Shake It Up, Baby

Here on Cape Ann, the rain and winds have been relentless for the past three days.  Heavy downpours have left puddles big enough to row boats across, and wind gusts has been strong enough to knock giant limbs to the ground and uproot trees.  Our gardens are underwater; the seas are crossing our streets without looking both ways, leaving piles of seaweed and driftwood strewn across yards and parks.  We are lucky we are on granite ledge, otherwise our homes would be floating out to meet the fishes.

I ran early Saturday morning, before the heavy rains began.  Two remarkable things happened on that run.  I saw the first red-winged blackbird of the season.  Actually, I saw three of them.  Two flew across my path as I blasted along Penzance Road between the two marshes.  One came so close it nearly grazed my arm.  But there was one in the marsh, balanced boldly on one of the few remaining stalks of timothy grass, its bright orange-red wing tips the only brilliant mark in the gray, drizzly morning.  I also ran my fastest pace yet.  I did 6 miles, averaging 7’28” min/mi.  No run yesterday or today; I guess the weather is giving me time to focus on core and strength training, and on flexibility.

Fitness rule for today:  Cross-train.

Cross-training keeps our bodies guessing.  It keeps our muscles from repeating the same old motions in the same old ways, which can cause overuse injuries.  When our bodies grow accustomed to doing the same exercises every day, the muscles don’t have to work as hard, so we burn less calories.  But what exactly is cross-training?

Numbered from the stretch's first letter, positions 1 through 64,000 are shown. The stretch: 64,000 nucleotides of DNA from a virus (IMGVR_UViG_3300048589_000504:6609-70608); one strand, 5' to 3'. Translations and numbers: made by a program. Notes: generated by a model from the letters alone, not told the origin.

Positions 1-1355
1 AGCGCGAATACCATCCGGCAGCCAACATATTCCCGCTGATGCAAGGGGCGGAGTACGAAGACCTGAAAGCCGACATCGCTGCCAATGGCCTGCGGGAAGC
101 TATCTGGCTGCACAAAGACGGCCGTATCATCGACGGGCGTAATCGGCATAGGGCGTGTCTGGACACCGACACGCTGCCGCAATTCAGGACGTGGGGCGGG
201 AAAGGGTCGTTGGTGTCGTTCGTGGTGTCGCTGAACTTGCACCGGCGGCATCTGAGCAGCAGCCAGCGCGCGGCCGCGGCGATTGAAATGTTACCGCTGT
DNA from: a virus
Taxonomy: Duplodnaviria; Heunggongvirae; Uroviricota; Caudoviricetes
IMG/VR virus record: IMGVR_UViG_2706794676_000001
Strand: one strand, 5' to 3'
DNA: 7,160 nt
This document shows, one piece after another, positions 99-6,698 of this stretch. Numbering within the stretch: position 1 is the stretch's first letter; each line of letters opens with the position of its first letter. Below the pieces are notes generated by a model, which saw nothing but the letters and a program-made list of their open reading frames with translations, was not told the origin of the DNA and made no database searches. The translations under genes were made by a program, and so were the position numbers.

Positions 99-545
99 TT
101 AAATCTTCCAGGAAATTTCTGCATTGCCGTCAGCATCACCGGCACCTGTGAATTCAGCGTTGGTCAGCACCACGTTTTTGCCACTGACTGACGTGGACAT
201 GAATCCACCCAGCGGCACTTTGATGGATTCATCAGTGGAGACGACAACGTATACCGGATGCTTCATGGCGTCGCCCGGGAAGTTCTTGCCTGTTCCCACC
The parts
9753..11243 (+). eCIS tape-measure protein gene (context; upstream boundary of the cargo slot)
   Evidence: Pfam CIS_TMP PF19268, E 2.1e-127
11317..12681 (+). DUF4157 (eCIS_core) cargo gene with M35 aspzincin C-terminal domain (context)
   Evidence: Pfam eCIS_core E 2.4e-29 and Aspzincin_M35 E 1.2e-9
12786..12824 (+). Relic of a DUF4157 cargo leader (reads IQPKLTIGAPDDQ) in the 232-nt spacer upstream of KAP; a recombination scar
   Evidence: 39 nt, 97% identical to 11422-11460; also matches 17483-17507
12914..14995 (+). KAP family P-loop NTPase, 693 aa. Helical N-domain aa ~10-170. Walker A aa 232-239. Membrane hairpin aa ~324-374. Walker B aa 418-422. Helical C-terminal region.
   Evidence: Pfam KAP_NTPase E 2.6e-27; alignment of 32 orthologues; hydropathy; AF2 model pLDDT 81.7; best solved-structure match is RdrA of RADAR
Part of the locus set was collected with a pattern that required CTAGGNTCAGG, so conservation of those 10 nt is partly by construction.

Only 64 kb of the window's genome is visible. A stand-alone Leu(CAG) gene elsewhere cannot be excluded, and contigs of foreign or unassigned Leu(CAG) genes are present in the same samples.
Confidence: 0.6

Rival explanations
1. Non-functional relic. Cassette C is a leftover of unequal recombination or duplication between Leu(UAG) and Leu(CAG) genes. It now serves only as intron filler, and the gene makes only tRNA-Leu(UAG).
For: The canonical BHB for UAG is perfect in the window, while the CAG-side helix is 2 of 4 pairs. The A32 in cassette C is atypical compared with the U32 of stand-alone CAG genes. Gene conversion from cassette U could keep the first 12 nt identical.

Cross-training is working on all aspects of fitness:   muscle strength, muscle endurance, flexibility, and cardio-respiratory.  It’s also shaking things up a bit in each of those areas.  Try different core exercises on alternate days.  Focus on plank, side plank, table, and Pilates one day, then switch to lotus crunches, oblique crunches, and reverse crunches the next time you work on your core.   Lift free weights from different angles— try them balanced on one foot!   My personal favorite is to do curls while standing on one leg, with the other leg straight out at a 90 degree angle behind me.  Still too easy?  Close one or both eyes!

Change up walking, cycling, swimming, running, rowing, or whatever you enjoy.  Take an aerobics class at your gym, or rent a video from the library.  Aim for at least 30 minutes of cardio-respiratory exercise on most days.  One of my clients told me she did 20 minutes on the elliptical machine at her gym, then hopped onto the rowing machine for 10 minutes right afterward.  Great idea!

Work on flexibility for 10 minutes each day.  Stretch on the floor, in a chair, or on your bed.  Try standing.  Try varying angles slightly, hold each stretch for about 30 seconds,  always being gentle and never to the point of pain.  Mild discomfort is as far as you should go with a stretch.

Not only does cross-training keep our bodies guessing, it helps our minds.  Mixing up a fitness routine prevents boredom and burnout.  Learning new steps in a dance class, new yoga poses in a different style of yoga, or taking a walk on a new trail forces us to think differently as we try to get our bodies to redefine movement.

It can be challenging.  I love to run!  Since I have been wearing the Nike Free shoes, running has become easier for me.  I am much faster, and don’t seem to have any of the little twinges or annoying side effects I had in my old running shoes.  I have been running most days, and although I have stretched some, done drop sets, and made very good use of the gigantic ball in the living room to keep my core strong, I have had a hard time buckling down and taking the time to train my whole body.  The weather has kept me inside for the past two days, so I have had to be creative with my fitness routine.  I know my body and mind will reap the benefits of the extra cross-training.  So will yours.

Explore posts in the same categories: Fitness Rules, Run notes that run into life, Tips, Training

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